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    I own a Tesla Model 3; Dual Motor Long Range model to be specific. Itís the wifeís daily commuter, though we love it so much we drive it everywhere all the time. Itís just an incredible vehicle. We purchased it when the Honda Fit became too worn out and it was time for a new commuter. The Model 3 had everything on the wish list, it blew away every other car we drove and compared it to, and it was different. We like different. Same reason I have owned my H3T for the last 9 years; I have only seen one other in person, ever, here in the southeast. That is also the reason I don't see this new Hummer EV being anything special. I watched the commercials, pausing and re-watching, really taking notice of the shape of the front, hood, fenders, hoping to get an idea of what this thing was going to look like. After studying it, from the front at least, it appears to be your standard GMC Sierra pickup with a shiny Hummer influenced grill. Nothing special. I don't think I would be interested no matter how it is powered. I really dislike the looks of pickup offerings today. They are so boring.

    As for being electric, that in itself wouldn't bother me. Certainly it wonít be a good fit for everyone. The range looks to be good though with an estimated 400 miles. That would work for me as it wouldnít be our road-trip vehicle. Which brings up the major point of consideration; if youíre looking at an EV purchase, I suggest you really educate yourself on the charging infrastructure in the part of the country where you live, and know that infrastructure's capabilities and shortcomings. If youíre just running the kids around town or driving to work and back, that is one thing. I mean, our Tesla charges at home while I'm sleeping, and I wake up every day with 300 miles of range for the daily commute; more than adequate. On a long road trip though, charge time will make or break your experience and there is a method to getting the most efficient charging session. Our Model 3 has a range of 328 miles on a full charge and we drive it all over, but I'm not sure I would want to do that if I didn't have access to Tesla's Supercharging network. I would not want to drive a 900 mile round-trip relying solely on commercial EV charging stations. That would be painful. Their charge rate is just too slow, and that is what you would be dealing with if you purchased a Hummer EV and was not charging at home. Right now, our long distance trips average 15 minutes charging for every 200 miles driven, so we would get a 15 minute pee/drink/snack/stretch break about every 3 hours of driving. With kids in the car, we can't make it more than 3 hours without stopping anyway, so it works. Charging time would be nearly double using commercial charging stations, and there are not that many of them. You could find yourself having to sit there and get a full charge, however long it took, just to be able to make it to the next one. The Supercharging network makes EV possible regardless of your vehicleís role, and the Supercharging network is only available to Tesla owners (currently). Just food for thought.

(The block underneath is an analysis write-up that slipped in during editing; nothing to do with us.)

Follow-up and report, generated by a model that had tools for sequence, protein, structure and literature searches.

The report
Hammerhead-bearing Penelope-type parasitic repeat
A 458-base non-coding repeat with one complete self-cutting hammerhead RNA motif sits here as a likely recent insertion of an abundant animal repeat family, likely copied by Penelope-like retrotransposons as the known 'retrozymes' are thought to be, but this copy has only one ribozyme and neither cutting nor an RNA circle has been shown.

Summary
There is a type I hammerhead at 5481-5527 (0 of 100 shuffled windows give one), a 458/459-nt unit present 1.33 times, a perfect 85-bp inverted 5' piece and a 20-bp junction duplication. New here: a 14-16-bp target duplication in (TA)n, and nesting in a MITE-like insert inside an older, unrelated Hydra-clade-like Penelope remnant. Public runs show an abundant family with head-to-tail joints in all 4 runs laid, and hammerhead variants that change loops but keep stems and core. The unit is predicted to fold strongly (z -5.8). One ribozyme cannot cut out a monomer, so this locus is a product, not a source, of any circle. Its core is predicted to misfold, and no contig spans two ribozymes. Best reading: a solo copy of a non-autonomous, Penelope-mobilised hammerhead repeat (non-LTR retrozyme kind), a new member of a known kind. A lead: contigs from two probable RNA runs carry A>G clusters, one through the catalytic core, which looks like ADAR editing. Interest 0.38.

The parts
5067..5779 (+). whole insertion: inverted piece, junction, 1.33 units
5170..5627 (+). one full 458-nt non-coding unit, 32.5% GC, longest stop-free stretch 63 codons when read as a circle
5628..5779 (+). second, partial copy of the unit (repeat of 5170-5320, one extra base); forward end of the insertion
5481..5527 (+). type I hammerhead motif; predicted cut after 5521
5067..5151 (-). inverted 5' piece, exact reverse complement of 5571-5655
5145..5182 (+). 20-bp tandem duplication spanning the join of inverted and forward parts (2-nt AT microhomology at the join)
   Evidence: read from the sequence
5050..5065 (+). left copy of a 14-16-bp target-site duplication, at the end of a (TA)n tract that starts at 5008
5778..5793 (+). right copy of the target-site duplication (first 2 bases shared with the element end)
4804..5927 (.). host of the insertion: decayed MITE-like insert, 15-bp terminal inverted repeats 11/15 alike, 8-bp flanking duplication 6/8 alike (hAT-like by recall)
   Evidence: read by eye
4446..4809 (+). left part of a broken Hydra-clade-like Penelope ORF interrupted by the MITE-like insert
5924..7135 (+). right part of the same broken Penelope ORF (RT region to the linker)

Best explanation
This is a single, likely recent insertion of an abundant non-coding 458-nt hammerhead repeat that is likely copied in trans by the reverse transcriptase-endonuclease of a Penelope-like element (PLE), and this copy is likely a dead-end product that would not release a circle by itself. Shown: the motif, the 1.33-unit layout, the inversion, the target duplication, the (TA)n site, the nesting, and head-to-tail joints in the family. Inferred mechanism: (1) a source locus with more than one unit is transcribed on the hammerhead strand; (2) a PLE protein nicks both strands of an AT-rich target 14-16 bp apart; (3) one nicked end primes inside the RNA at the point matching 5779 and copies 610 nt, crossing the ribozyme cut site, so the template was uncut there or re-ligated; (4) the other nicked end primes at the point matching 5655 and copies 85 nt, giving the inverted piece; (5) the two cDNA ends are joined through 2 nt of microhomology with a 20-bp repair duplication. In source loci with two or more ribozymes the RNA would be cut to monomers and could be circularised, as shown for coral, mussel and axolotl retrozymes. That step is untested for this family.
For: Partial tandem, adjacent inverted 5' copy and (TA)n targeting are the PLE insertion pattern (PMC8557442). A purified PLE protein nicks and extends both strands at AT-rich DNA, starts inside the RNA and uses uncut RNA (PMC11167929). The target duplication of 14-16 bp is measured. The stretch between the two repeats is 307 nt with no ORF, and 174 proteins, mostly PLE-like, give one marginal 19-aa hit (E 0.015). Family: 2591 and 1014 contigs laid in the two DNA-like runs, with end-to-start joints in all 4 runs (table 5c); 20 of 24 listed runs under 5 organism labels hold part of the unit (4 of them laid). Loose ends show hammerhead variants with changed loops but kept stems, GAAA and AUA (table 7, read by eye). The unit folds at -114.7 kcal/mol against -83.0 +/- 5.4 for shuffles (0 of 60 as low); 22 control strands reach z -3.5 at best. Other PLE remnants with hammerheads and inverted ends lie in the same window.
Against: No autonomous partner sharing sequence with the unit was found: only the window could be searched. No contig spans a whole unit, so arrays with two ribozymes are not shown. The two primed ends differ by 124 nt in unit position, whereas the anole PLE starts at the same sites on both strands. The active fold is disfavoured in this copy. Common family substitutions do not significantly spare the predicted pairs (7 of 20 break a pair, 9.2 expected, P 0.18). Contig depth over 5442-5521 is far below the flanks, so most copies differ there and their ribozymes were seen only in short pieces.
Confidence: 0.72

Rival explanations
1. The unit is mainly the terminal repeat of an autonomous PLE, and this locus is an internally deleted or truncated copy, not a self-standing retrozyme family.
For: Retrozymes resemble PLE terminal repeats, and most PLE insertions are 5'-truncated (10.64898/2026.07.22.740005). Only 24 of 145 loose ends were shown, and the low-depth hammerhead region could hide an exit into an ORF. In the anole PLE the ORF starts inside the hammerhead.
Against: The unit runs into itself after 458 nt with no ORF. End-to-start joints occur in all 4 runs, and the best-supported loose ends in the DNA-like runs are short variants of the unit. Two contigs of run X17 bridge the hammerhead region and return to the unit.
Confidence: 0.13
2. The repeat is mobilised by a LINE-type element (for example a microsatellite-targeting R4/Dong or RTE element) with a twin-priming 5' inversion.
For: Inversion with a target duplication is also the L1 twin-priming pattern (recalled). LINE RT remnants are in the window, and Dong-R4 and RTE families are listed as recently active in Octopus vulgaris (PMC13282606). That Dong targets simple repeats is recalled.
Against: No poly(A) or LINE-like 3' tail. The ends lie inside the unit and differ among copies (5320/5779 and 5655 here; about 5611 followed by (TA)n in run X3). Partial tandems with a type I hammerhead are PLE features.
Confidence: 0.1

However, letís say you have a Hummer EV and you pull your camper to the beach for a week vaca. Itís a 300 mile trip, so plenty of range to get there. Once your there and setup, just plug-up your Hummer to your campsiteís 30amp RV plug and enjoy the free gasÖ.I mean free juice. Good to go. There is always a way to make it work that is not as much an inconvenience as you would think.